Michael told us that paste papers are one of the oldest forms of decorated papers. Examples date back to the 16th century, and were used to cover books and as endpapers.
Among the most famous are the Herrenhuter papers made by members of the Moravian church, most often by women in "Single Sister" houses.
Paste papers are made by mixing pigments, dry, tempera, or acrylic into a paste made from flour, starches of other kinds, or more modern materials such as methylcellulose. Patterns can be made by brush strokes, combing, stamping, rollers, direct application with a thumb or any combination of these, and more.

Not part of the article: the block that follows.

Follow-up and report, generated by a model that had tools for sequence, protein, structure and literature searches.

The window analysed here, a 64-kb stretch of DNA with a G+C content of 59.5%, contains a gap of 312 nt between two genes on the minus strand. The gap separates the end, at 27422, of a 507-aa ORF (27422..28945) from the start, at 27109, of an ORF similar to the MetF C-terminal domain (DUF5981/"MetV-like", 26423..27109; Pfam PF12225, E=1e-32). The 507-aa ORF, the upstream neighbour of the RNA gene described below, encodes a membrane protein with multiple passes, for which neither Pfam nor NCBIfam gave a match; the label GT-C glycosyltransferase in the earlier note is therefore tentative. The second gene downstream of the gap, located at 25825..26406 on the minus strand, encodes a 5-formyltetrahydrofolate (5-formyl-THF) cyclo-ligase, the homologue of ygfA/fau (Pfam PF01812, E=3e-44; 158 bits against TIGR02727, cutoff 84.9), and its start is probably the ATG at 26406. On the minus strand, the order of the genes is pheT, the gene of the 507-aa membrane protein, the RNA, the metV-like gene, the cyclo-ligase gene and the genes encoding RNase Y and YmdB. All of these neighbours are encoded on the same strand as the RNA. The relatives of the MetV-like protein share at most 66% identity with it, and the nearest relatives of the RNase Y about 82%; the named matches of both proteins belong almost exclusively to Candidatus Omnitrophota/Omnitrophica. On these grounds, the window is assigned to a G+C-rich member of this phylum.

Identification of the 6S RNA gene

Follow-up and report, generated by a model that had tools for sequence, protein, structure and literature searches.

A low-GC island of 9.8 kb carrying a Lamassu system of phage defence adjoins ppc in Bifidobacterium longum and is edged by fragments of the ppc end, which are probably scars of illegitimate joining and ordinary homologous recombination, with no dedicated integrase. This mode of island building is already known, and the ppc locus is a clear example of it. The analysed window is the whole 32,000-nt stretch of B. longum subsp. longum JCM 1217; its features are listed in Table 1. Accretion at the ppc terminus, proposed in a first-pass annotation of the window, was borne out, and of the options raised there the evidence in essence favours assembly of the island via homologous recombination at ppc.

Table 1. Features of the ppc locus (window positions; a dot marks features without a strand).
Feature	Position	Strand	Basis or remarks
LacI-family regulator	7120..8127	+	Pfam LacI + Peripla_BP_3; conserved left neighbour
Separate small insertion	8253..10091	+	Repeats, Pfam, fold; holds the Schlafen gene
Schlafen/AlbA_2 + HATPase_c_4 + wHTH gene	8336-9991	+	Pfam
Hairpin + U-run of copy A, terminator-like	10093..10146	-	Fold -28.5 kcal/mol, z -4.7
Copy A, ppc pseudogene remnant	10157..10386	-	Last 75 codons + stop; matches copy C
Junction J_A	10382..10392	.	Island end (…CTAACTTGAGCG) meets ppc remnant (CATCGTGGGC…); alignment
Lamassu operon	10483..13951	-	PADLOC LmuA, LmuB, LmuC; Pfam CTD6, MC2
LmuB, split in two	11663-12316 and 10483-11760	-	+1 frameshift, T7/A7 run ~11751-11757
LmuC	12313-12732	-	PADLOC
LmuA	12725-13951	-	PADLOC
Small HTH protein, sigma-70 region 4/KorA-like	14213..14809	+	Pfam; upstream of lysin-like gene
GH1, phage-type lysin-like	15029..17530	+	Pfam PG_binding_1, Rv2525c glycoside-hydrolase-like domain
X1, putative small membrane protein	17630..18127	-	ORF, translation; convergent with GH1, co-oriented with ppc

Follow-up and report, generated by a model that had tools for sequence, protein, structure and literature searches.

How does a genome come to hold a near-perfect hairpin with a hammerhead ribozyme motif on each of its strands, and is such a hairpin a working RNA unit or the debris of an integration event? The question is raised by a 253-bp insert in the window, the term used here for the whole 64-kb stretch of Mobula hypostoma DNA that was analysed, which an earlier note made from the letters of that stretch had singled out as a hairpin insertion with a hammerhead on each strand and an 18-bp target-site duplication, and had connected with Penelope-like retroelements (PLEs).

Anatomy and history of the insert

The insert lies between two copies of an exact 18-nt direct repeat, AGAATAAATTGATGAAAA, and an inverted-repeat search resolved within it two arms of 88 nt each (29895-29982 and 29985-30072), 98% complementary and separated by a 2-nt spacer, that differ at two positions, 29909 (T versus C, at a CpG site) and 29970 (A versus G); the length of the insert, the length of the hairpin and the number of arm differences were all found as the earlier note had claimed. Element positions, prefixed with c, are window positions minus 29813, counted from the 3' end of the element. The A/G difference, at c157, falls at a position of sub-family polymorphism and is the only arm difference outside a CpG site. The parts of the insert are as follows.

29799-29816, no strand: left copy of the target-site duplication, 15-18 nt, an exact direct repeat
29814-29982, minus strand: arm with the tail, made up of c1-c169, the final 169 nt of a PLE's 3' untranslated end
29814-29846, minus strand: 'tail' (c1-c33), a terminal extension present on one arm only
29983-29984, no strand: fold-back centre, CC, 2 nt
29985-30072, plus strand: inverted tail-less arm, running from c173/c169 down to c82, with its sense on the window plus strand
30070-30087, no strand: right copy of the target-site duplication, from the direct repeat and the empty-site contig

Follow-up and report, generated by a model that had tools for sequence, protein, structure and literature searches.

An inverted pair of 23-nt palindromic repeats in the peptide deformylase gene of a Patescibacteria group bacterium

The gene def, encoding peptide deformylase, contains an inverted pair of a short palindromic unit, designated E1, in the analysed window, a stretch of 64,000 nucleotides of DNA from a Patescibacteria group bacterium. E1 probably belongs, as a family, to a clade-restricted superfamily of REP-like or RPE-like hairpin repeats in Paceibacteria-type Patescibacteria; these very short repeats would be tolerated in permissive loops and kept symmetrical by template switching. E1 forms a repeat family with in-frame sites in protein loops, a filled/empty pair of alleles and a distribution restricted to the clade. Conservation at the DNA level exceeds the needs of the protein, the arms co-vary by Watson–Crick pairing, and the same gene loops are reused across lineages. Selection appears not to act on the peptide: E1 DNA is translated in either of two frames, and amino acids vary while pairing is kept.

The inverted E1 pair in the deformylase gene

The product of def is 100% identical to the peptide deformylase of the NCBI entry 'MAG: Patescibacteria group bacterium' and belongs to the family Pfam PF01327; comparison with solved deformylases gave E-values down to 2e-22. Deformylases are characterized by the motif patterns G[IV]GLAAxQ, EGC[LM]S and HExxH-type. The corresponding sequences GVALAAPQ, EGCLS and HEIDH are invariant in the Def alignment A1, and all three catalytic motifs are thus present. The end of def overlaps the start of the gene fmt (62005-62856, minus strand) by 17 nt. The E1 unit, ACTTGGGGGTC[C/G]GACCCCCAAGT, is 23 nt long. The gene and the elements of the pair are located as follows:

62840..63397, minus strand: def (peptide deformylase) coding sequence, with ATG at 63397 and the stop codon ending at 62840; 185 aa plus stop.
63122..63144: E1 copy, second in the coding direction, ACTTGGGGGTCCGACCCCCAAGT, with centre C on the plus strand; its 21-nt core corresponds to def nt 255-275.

While the paste remains wet all sorts of patterns and designs can be created. The layer of paste is distorted in places and gives the decoration a characteristic, three-dimensional appearance.
On the first day we tried out the traditional methods and designs. See examples below.